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Abortion groups work to sneak abortion pill into pharmacies worldwide under guise of treating other conditions - Abortion Drug Facts – Abortion Drug Facts

May 14, 2020

Abortion groups work to sneak abortion pill into pharmacies worldwide under guise of treating other conditions

Gynuity Health Projects—a pro-abortion research group working to increase access to the abortion pill—wants the pill used to treat conditions unrelated to abortion. Getting the abortion pill approved to treat medical conditions means it will be easier to get the pill into countries where abortion is illegal, and where the abortion pill is banned.

Reproductive Health Supplies Coalition (RHSC) revealed this strategy in a webinar, which includes a presentation and video. Gynuity received a $108k grant from the RHSC’s Innovation Fund to conduct “a landscape analysis that will identify market gaps, bottlenecks, and potential country-level opportunities to register and commercialize mifepristone for its other indications.”

Formed in 2004, RHSC took off in 2012 when it became involved in the Gates-funded Family Planning 2020 initiative. The coalition includes the Bill and Melinda Gates Foundation, the Bixby Center for Global Reproductive Health, the David and Lucile Packard Foundation, DKT International, GenBioPro, the Guttmacher Institute, Ibis Reproductive Health, Planned Parenthood, and the Population Council. Its current executive committee includes representatives from the Population Council, the Bill and Melinda Gates Foundation, Planned Parenthood Federation of America, and the United Nations Population Fund.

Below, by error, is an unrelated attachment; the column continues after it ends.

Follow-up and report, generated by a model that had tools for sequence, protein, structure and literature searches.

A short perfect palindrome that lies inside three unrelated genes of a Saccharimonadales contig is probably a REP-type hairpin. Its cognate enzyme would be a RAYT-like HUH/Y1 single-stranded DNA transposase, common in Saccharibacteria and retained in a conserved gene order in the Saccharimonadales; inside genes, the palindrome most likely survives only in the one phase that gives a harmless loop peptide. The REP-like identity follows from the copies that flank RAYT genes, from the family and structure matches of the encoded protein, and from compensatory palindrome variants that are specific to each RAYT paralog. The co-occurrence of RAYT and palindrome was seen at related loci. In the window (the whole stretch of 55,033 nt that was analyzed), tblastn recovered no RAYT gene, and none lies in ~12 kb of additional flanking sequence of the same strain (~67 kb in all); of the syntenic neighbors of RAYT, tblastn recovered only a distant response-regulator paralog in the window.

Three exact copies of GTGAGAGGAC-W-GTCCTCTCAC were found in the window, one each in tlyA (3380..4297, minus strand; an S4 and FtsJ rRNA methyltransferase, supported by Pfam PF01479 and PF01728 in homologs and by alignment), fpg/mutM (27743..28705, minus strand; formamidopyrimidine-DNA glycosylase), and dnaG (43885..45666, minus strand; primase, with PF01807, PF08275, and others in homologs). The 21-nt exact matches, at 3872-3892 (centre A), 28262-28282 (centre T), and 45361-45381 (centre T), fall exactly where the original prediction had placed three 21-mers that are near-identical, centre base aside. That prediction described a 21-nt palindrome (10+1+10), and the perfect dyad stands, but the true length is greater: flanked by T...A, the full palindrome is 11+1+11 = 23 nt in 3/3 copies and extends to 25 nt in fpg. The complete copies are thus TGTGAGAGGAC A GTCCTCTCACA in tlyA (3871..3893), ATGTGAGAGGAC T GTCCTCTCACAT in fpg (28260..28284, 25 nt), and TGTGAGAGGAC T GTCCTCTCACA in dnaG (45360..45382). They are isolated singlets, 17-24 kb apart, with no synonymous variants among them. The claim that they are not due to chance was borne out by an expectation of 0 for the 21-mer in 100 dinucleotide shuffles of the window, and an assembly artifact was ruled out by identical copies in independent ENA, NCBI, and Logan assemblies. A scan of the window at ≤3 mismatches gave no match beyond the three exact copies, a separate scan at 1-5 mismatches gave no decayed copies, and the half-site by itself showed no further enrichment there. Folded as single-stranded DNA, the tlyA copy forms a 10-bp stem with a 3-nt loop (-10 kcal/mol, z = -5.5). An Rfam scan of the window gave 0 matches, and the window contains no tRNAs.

Jennifer Blum, Gynuity’s VP for Programs and Strategic Initiatives, and former Program Officer for the Packard Foundation—a major early investor in the manufacturer of the abortion pill—said in the webinar that registering the abortion pill to treat conditions unrelated to abortion is to “bypass hurdles.” Blum noted, “The number of countries with mifepristone [the abortion pill] is increasing but in places with restrictive abortion laws, access remains challenging.”

Read more at Live Action >>